Yes, we managed to establish a national league of 13 teams and hold annual competitions. Athletes from this league were chosen to represent Cambodia at the world cups. As early as 1999, this team won a silver medal at the ASEAN Para Games in Thailand. In 2001, Cambodia won the gold medal at the Asian Games in Busan in South Korea. In 2003, the team participated in the world cup in Greece and won fifth place. It won fourth place in Slovakia in 2005. In 2007, 2009 and 2011, Cambodia hosted the standing volleyball world cup. The team’s biggest success was when it came in second after Germany in 2011. The world cup was broadcast live on all Cambodian TV stations. Some 96 % of the people watched. It was a wonderful opportunity to promote the abilities of Cambodian disabled persons. The athletes were given an audience by the prime minister after their success in 2011.

Were there any setbacks?
Well, establishing the programme was not easy in a nation devastated by war, and the early years were hard. But over time, we really achieved great success. Sadly, there was one major setback. The International Paralympics Committee (IPC) has become biased towards the needs of the developed nations and is now catering for expensive sports such as rowing and equestrian sport. That’s where the money is. The IPC is failing to take into account the needs of developing nations. It should encourage the development of cost-effective sports such as standing volleyball. The IPC made a tragic mistake in removing standing volleyball from the Paralympic games after Sydney 2000. As a result, the Cambodian programme was discontinued, and the focus shifted to wheelchair-based sports.

What new programmes did CNVLD establish, and what role does sports for disabled people play in Cambodia today?
CNVLD has established two more very successful programmes: wheelchair racing and wheelchair basketball. They are now integrated into in the government’s physical rehabilitation centres in the provinces of Kampong Speu and Battambang. The wheelchair basketball programme includes a programme for women. Disability sports is now well recognised in all sectors of Cambodian society. Last year, the National Paralympic Committee of Cambodia sent a team of athletes to the ASEAN Para Games in Singapore with considerable success, including a number of gold and silver medals won in the wheelchair racing events.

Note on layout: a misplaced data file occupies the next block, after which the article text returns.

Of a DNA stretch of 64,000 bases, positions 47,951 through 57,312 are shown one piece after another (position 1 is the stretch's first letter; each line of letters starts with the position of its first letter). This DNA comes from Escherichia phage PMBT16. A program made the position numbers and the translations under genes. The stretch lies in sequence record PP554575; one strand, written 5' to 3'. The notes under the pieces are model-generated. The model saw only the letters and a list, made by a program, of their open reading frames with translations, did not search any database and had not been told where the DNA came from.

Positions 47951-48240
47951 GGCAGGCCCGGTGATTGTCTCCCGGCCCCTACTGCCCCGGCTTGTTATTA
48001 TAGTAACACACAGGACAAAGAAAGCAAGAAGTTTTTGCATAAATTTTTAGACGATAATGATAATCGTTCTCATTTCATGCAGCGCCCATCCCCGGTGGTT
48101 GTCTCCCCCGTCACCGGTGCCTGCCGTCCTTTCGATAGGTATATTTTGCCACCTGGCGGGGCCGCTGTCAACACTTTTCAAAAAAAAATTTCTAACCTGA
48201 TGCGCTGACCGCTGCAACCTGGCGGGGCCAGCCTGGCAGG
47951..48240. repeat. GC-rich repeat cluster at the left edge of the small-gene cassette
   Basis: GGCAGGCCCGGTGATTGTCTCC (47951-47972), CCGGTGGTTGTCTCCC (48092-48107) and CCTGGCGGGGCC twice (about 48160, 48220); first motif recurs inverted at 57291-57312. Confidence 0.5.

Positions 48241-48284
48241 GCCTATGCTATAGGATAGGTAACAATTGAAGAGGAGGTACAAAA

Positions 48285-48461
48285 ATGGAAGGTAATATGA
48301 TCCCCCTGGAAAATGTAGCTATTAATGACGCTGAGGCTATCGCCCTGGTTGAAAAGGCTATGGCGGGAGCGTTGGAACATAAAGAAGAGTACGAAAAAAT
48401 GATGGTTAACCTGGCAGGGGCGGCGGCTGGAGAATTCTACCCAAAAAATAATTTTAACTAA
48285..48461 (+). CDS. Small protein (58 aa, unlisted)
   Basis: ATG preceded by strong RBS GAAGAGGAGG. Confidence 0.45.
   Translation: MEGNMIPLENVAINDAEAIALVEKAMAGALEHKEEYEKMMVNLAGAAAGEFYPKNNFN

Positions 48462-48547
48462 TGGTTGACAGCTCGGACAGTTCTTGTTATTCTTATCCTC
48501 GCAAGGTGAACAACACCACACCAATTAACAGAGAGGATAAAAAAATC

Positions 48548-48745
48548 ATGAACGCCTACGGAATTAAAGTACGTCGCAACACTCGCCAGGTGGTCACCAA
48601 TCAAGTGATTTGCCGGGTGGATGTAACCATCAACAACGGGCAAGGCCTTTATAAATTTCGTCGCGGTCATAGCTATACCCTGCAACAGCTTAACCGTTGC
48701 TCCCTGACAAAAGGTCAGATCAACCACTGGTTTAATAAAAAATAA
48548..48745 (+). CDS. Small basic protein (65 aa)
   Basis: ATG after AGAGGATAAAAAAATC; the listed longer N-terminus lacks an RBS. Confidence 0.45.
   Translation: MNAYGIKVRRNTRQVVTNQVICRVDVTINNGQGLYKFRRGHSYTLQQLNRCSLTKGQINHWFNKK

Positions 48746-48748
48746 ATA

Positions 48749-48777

How was the work of CNVLD financed?
We got support from a variety of donors over many years, including the Australian and German governments, who not only helped with money, but also provided expert coaches. They came to Cambodia on short term tenures to train coaches and athletes according to international standards. Other donors were NGO’s such as the International Red Cross and Australian Red Cross as well as private donors and corporate sector donors. CNVLD is very proud that 80 % of all funds were used to directly assist the athletes. Only 20 % was allocated to administration. I worked on a volunteer-level salary myself all the time. Funding is still a significant challenge, however, and there is an enormous need to build proper sporting facilities in Cambodia. For example, swimming is one of the best rehabilitative sports for persons with a disability, but there are little to no public swimming pools in Cambodia.

What are your plans for the future?
After 20 years, I am rather exhausted but also very proud of the achievements. CNVLD is now being closed and its programmes will be handed over to the National Paralympic Committee and the Ministry of Social Affairs, Veterans and Youth Rehabilitation. These organisations are capable of managing and developing the projects. They are being run by Cambodians for Cambodians – this is the greatest success of CNVLD. I will however stay in touch with CNVLD athletes and provide advice where and when possible. They are truly inspiring people to work with. I will remain in Cambodia and focus more on my musical roots through my work with the Phnom Penh based band “Krom” who has recently signed a contract with a major US label.


Christopher Minko is the founder of the NGO Cambodian National Volleyball League (Disabled), CNVLD.
[email protected]